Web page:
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Egypt’s bright future emerges from its dark streets

Yasmine Cathell's picture

Revolutionary times call for revolutionary measures. As neighborhoods in Egypt come together to protect their families at night, they are unknowingly setting the foundation for a new democratic state.

The excitement of the daily protests quickly gave way to fear as day turned to night and reports surfaced of escaped prisoners and opportunistic looters at large on Cairo’s un-policed streets. But instead of retreating to their individual homes the people of Egypt made the important and perhaps telling-of-what-is-to-come, decision not to give in to fear.

They chose to stand up together and face the looters head on. Men of all ages are joining forces every night with bats, kitchen knives and guns to protect their neighborhoods. They are organizing amongst themselves via text messages, working in shifts, setting up roadblocks and using their numbers to overwhelm looters and mischief makers. The people are coming together and in the process learning to see past class and religious divides in order to work towards the greater good of their communities and eventually their nation.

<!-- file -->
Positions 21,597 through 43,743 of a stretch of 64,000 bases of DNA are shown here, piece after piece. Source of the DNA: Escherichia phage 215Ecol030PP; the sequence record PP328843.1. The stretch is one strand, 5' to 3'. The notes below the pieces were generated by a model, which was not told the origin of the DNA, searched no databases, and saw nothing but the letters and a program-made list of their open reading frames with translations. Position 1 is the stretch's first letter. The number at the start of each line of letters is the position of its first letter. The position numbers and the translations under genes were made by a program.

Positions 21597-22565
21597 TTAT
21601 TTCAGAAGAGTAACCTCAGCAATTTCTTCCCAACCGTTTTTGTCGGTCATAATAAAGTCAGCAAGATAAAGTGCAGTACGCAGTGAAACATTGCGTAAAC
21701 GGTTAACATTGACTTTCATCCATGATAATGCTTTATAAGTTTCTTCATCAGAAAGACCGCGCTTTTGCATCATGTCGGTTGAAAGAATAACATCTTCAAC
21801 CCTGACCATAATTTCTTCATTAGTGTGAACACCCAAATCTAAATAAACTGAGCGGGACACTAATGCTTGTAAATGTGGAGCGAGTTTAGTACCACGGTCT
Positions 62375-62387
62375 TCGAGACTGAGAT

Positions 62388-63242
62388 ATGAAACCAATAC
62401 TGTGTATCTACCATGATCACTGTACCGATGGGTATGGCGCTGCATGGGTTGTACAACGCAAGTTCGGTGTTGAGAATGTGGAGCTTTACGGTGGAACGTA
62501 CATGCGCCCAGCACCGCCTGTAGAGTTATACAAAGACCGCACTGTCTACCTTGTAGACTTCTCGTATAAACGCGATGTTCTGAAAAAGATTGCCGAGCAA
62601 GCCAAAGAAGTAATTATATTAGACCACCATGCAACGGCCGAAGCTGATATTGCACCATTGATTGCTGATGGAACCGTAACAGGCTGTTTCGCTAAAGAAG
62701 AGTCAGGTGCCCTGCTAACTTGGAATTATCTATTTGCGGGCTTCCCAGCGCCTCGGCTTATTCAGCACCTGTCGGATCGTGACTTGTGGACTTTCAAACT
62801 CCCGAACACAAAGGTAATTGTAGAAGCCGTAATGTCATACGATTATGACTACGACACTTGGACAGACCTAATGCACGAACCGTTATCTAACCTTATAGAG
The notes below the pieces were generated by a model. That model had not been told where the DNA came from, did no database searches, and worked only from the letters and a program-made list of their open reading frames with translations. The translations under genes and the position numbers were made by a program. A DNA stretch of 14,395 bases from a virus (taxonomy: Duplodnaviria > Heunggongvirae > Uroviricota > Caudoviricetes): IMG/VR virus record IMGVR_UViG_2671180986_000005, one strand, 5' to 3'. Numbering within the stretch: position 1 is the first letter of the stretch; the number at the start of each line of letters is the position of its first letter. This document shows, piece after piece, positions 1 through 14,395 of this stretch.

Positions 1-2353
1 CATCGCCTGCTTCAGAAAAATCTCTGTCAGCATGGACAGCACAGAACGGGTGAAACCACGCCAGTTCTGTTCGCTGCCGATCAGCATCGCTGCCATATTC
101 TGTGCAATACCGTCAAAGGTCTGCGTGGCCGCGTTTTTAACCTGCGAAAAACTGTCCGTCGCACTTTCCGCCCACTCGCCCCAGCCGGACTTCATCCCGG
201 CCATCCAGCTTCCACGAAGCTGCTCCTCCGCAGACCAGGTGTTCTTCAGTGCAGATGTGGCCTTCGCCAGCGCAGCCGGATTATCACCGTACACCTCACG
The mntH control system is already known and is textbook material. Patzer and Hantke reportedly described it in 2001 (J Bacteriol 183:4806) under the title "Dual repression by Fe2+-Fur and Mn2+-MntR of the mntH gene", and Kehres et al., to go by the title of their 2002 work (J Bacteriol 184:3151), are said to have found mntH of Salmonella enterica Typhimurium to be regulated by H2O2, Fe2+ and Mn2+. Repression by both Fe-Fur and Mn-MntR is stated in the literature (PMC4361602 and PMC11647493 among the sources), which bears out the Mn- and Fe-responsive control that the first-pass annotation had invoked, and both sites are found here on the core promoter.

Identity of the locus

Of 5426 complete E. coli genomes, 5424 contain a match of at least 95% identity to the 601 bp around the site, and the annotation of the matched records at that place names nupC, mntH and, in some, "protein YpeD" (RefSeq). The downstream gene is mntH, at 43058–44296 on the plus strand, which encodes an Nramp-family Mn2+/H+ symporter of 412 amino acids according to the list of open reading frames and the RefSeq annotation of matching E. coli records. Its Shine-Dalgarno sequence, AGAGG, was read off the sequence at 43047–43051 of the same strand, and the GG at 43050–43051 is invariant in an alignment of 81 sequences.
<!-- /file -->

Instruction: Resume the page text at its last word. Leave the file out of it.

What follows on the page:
These nightly teams are just as important to Egypt’s future as are the day time protesters. The people are taking responsibility for their individual and collective safety. Most importantly, however, this experience is providing the Egyptian people with important team building skills that will be necessary for a functional democracy.

The collaboration and cooperation exhibited in the last few days, particularly in a time of chaos and the ability of Egyptians to effectively protect their homes, museums and national treasures clearly showcases that the people of Egypt are more than capable of taking control of their future.

If the current actions of the Egyptian people are at all indicative of what is to come, I am extremely optimistic about Egypt’s future. The time for democracy is now.

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Submitted by Egyptian pharaoh on
Quoting Hillary Clinton: Egypt the first civilizations rise again to give the world a new lesson in democracy

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